Live Streaming Hits The Big Time
A recent thought piece by Mark Shenton of the UK-based The Stage titled “Now audiences are Facetiming theatre shows – what next?” caught my eye.
I’ve been writing positively about the advent and potential benefits of live streaming in the arts for a long time. My first post on the topic (“The Live Video Phone-ization of the World”) was published on this blog way back in 2008. In a more recent post from 2016 titled “The Next Hottest Thing (Not Yet),” I wrote:
I still think every arts organization should start live streaming something – a backstage tour, a pre-concert lecture, a season announcement, etc. Despite the fact that live streaming hasn’t taken off as something all consumers are participating in, I’m sure it’s coming.
Well now, almost one and a half years later, it seems like more and more people are live streaming as I predicted, and organizations ought to address this “problem” as an opportunity. In yet another post called “Streaming the Future,” I suggested a solution:
So, rather than telling the audience when they can’t use their phones, how about if we start telling people when they can — not only to post pictures (as I blogged about here ) but also to live stream. Let’s give people a good reason to use their mobile devices — one that helps our organizations grow!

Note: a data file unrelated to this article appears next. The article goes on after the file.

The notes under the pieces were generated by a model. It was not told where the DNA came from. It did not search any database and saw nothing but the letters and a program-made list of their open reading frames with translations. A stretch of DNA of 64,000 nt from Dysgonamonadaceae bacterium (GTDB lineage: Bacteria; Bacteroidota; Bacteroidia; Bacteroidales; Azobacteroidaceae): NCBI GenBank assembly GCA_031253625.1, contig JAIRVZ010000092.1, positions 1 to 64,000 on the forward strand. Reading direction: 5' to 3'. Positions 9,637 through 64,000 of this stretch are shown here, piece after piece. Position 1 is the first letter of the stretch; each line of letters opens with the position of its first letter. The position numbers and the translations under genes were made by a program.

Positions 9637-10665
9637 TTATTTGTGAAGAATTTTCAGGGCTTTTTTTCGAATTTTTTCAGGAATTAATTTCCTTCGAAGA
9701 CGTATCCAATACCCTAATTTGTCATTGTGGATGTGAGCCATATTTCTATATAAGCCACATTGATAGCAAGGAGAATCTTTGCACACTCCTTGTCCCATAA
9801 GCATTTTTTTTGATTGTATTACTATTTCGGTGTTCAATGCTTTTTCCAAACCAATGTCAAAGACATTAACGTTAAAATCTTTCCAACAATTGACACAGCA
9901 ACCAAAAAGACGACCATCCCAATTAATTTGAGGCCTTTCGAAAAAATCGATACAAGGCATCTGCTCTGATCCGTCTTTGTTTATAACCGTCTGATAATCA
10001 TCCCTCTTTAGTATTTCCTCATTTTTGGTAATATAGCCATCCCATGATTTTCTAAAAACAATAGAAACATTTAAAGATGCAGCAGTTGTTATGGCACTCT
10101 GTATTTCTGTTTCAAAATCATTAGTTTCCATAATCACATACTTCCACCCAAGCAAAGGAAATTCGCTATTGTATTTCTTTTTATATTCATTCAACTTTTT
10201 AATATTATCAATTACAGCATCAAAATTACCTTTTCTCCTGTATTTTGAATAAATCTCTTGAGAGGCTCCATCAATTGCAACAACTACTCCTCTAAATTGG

When mobile phones first started to become more mainstream, organizations responded by inserting pre-show curtain announcements reminding patrons to shut their phones off. This seemingly worked at the time until mobile phones morphed into pocket-sized computers with high-resolution cameras. Again organizations responded to this with signs posted in the theatre and designated ushers patrolling aisles, reminding patrons not to take photos.
Well now that people are live streaming during actual performances, it seems like we need to address this head on as well. The way I see it, you have two options. Either you ban it completely and explain why, or embrace it and find a place for people who want to stream. But in all cases setting ground rules for a shared experience is the obligation of the event producer. As Shenton writes:
Actually, it’s all about respect – for your fellow audience members and the performers – in a shared experience. And if we need a few rules to make what is and isn’t acceptable a bit clearer, so be it.
In this realm, things will evolve quickly in the next few years. It’s likely next generation live streaming recording devices will be more like glasses that can record without anyone knowing it (Snapchat Spectacles were an early example of this). Since this will be an increasingly commonplace part of our lives, it’s up to us to creatively adapt.
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